Minutes after Breein Tyree stepped off the court following a win over Georgia — a game before which he and seven of his teammates knelt during the national anthem — he sent out a tweet.
“To the people that fight for this country, my teammates and I meant no disrespect to everything that you do for us, but we had to take a stand to the negative things that went on today on our campus. #WeNeedChange,” Tyree’s tweet read.
Tyree’s mentions were saturated with messages of support, many of which came from veterans and service members ranging from Vietnam era service to active duty.
“As a former Marine I applaud your efforts and your cause,” a Twitter response from Jesse Lyons read. “You do what you think is right.”
Lyons, who served in the U.S. Marine Corps from 1994-98, said he respects anyone willing to sacrifice for a greater cause.
“If it makes people uncomfortable, that is kind of the point,” Lyons said. “More specifically to this — or the NFL, even — I am highly sympathetic to the players’ cause. The Confederacy is a symbol of hate and treason. They fought a war to keep human beings as property. It’s gross and unacceptable.”
Lyons added that, among former veterans, he thinks he’s in the minority.
“I am not alone, but if I were to guess, vets that agree with me are outnumbered by those that don’t,” Lyons said. “But not by as much as you would think — maybe a 60-40 split.”
Use of the national anthem as a vehicle for peaceful demonstration entered the public discourse when Colin Kaepernick, former starting quarterback for the San Francisco 49ers, dropped to a knee during a preseason game in 2016 in protest of police brutality and systemic racism.
His decision to kneel was the result of a conversation with former Seattle Seahawks long snapper and U.S. Army veteran Nate Boyer. Boyer suggested that Kaepernick take a knee instead of sitting on the bench — which Kaepernick did during the national anthem before previous games — out of respect for the flag.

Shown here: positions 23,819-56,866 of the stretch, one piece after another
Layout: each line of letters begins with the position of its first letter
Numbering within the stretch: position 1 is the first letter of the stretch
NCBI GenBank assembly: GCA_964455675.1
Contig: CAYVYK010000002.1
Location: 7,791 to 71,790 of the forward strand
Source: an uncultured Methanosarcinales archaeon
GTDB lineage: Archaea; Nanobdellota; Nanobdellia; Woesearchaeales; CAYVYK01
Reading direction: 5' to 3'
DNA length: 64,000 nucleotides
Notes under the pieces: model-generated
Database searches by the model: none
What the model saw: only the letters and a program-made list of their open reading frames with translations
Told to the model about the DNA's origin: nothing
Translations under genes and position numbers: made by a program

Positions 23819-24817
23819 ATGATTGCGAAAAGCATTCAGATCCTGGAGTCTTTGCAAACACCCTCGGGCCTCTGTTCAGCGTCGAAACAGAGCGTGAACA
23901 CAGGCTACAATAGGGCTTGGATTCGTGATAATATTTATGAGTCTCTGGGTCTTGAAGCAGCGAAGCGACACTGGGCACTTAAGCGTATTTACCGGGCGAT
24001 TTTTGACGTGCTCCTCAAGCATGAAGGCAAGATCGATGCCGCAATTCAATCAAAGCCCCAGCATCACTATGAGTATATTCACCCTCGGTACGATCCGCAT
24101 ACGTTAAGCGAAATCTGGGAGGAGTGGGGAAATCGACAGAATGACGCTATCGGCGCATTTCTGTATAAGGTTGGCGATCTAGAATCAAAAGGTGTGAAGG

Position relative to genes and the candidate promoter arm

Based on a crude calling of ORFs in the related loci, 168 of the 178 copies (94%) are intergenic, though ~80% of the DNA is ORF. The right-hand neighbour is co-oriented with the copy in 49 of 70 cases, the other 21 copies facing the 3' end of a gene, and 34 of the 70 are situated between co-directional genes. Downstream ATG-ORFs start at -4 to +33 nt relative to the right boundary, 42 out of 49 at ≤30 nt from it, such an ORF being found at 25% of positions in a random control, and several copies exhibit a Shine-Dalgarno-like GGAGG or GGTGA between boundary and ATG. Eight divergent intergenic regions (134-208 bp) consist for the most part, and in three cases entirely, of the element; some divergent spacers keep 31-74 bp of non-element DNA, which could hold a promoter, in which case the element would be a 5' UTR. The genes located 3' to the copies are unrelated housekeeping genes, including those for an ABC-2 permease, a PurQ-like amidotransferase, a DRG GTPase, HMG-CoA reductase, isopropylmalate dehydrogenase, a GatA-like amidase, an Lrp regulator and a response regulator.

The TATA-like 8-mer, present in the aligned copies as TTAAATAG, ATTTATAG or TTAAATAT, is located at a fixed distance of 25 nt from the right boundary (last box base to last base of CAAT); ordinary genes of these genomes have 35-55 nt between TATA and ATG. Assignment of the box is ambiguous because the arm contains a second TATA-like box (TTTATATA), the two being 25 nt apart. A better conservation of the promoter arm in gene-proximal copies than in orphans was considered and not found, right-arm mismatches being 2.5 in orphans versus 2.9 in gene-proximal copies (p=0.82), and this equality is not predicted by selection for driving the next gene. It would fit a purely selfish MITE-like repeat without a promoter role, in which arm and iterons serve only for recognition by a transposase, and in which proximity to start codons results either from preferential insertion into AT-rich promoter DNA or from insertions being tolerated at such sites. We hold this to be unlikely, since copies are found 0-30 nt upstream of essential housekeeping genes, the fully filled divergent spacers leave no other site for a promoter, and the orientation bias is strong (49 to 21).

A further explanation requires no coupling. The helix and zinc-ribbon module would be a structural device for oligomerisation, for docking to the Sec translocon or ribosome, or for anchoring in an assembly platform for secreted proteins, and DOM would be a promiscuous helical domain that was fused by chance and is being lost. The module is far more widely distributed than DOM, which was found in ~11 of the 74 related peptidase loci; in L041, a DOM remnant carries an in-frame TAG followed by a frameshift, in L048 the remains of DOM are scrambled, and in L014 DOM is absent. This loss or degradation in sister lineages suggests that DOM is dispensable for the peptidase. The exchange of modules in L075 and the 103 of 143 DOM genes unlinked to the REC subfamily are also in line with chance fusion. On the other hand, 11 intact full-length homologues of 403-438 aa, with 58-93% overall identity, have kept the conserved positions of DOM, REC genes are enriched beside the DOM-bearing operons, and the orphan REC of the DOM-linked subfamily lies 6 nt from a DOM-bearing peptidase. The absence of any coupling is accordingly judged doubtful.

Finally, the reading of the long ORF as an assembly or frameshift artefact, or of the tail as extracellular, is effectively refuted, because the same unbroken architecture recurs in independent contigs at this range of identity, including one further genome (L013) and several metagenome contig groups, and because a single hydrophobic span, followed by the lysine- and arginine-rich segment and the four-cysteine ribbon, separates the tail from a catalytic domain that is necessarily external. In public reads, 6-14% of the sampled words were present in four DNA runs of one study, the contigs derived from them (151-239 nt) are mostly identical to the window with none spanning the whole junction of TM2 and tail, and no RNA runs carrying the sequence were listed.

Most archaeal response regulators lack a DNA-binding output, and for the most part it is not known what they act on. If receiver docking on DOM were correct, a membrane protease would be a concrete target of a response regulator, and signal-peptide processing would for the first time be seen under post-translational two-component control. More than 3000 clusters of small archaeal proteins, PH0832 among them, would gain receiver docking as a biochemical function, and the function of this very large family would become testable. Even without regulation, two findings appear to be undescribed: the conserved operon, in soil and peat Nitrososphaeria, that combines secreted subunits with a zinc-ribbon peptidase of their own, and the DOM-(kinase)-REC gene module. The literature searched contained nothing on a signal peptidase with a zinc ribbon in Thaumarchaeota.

According to Billy Jones, former Mississippi Army National Guard member and U.S. Army veteran, no one person has the authority to decide whether a form of protest is appropriate.
“In the veteran community, our opinions are as diverse as the American population,” Jones said.
Jones noted he did not approve of using the national anthem for protest but acknowledged that the very reason he took up arms for his country was for people to possess the right to do so.
“When I took my Oath of Enlistment, I swore to support and defend the Constitution,” Jones said. “To me, that means supporting all forms of free speech. From kneelers to flag wavers, we all have the same basic and fundamental right to say what we feel without fear of oppression.”
In his postgame comments, Tyree repeatedly clarified that the silent protest was in response to the neo-Confederate sympathizers marching on campus — not out of disdain for servicemen and women or the American flag.
It was a one-time occurrence. In the following games, all fifteen players stood, heads high, for the anthem.
Still, the protest sparked outrage.
“Wrong time,” “This is so incredibly disrespectful to the troops,” “Don’t use the national anthem to protest!!!” some said.
However, Michael Weldon, the newly minted president of the Ole Miss Student Veterans Association, thinks it’s all about freedom.
“It doesn’t matter what people think about the protest but, rather, that people are free in this country to do what they do,” Weldon said.
Two days after eight members of the Ole Miss basketball team knelt, the Student Veterans Association released a statement in support of the players’ right to peacefully protest.
“We support acts of protest that stand against racism,” the statement read.
The conversation surrounding kneeling during the anthem will continue, and like in any modern political debate, a winner will likely not arise. Weldon doesn’t think that matters, though. He believes everyone won that Saturday.
“We have come a long way in this country,” Weldon said. “I think people get lost in their own views instead of celebrating what happened that day to a larger scale: Freedom happened there.”